Reverend Dr McGrath has given a clear illustration of why it is necessary for Christian scholars to participate in secular research methods (McGrath, 2001).This is also an answer to the given question, as most valued Christian research applies the research methods from secular institutions. It is simply that these methods have been proven to be effective in finding answers to various questions. It also answers to the questions of the rest of the world, especially the world in the twenty-first century. It is, therefore, imperative that the Christian researchers employ the help of most of the research in the secular world, with application to there own context, which is a cross-cultural context in itself. One major aspect regarding quantitative research for the Christian is that it embellishes and ignites the qualitative research even more. This is what Mertens (2005) made clear in the book Research And Evaluation In Education And Psychology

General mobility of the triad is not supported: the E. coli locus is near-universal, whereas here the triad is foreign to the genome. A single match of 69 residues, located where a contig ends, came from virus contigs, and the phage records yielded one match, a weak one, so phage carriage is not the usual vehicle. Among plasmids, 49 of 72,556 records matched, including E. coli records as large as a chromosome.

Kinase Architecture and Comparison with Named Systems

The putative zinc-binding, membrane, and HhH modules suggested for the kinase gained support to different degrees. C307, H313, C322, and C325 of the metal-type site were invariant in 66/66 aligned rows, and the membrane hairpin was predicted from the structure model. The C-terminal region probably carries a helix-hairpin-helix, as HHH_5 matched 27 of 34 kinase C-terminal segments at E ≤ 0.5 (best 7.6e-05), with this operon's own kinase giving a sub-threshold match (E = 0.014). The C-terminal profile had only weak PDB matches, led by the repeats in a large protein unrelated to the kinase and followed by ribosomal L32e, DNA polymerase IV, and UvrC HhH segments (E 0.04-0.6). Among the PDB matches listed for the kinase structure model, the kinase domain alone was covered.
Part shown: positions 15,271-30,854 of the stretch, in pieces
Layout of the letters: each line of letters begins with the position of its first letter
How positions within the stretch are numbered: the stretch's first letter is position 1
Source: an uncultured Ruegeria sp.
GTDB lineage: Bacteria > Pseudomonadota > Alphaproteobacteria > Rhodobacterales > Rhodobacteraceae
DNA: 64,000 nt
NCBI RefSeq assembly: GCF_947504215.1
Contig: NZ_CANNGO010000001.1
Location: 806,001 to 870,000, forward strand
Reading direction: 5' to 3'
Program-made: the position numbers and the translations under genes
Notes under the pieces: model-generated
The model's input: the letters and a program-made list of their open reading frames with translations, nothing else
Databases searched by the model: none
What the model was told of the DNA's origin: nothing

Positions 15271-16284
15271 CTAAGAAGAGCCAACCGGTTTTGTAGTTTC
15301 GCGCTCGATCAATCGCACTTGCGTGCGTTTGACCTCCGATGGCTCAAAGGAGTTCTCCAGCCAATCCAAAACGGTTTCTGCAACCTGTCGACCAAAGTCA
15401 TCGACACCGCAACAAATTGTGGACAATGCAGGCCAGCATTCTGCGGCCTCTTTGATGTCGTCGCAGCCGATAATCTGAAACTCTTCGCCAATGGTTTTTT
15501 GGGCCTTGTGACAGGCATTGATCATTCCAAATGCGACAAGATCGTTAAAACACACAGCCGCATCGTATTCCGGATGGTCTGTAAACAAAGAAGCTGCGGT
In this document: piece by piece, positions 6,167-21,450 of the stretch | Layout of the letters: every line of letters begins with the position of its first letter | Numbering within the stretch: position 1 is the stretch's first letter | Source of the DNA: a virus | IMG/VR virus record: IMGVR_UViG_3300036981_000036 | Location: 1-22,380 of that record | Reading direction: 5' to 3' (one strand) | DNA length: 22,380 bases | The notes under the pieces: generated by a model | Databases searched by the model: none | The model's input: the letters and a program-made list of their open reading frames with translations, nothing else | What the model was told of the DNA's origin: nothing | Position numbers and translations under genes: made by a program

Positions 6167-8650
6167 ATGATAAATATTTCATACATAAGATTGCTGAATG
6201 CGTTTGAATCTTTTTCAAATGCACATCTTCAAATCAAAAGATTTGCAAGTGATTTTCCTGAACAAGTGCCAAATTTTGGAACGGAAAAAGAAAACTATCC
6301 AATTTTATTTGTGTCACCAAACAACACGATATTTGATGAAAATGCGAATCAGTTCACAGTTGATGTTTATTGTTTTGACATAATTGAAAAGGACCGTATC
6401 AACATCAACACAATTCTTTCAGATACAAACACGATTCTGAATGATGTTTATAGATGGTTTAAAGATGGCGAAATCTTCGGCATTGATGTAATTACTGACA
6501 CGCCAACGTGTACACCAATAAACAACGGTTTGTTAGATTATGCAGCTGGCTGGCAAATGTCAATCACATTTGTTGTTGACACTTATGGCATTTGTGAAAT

Bible.org. (2013). Names of God. Retrieved 2 July 2015, from https://bible.org/article/names-god
Chambliss, D., Schutt, R., & Schutt, R. (2003). Making Sense Of The Social World: Methods of Investigation. Thousand Oaks, Calif.: Pine Forge Press.
Clinton, T. & Hawkins, R. (2011). The Popular Encyclopedia of Christian Counseling: An Indispensable Tool for Helping People with Their Problems. Oregon: Harvest House Publishers, 2011
Constantly Reforming, (2011). Every Battle in the Bible. Retrieved from https://constantlyreforming.wordpress.com/every-battle-in-the-bible/
Harvardmagazine.com. (2015). Understanding big data leads to insights, efficiencies, and saved lives | Harvard Magazine Mar-Apr 2014. Retrieved from http://harvardmagazine.com/2014/03/why-big-data-is-a-big-deal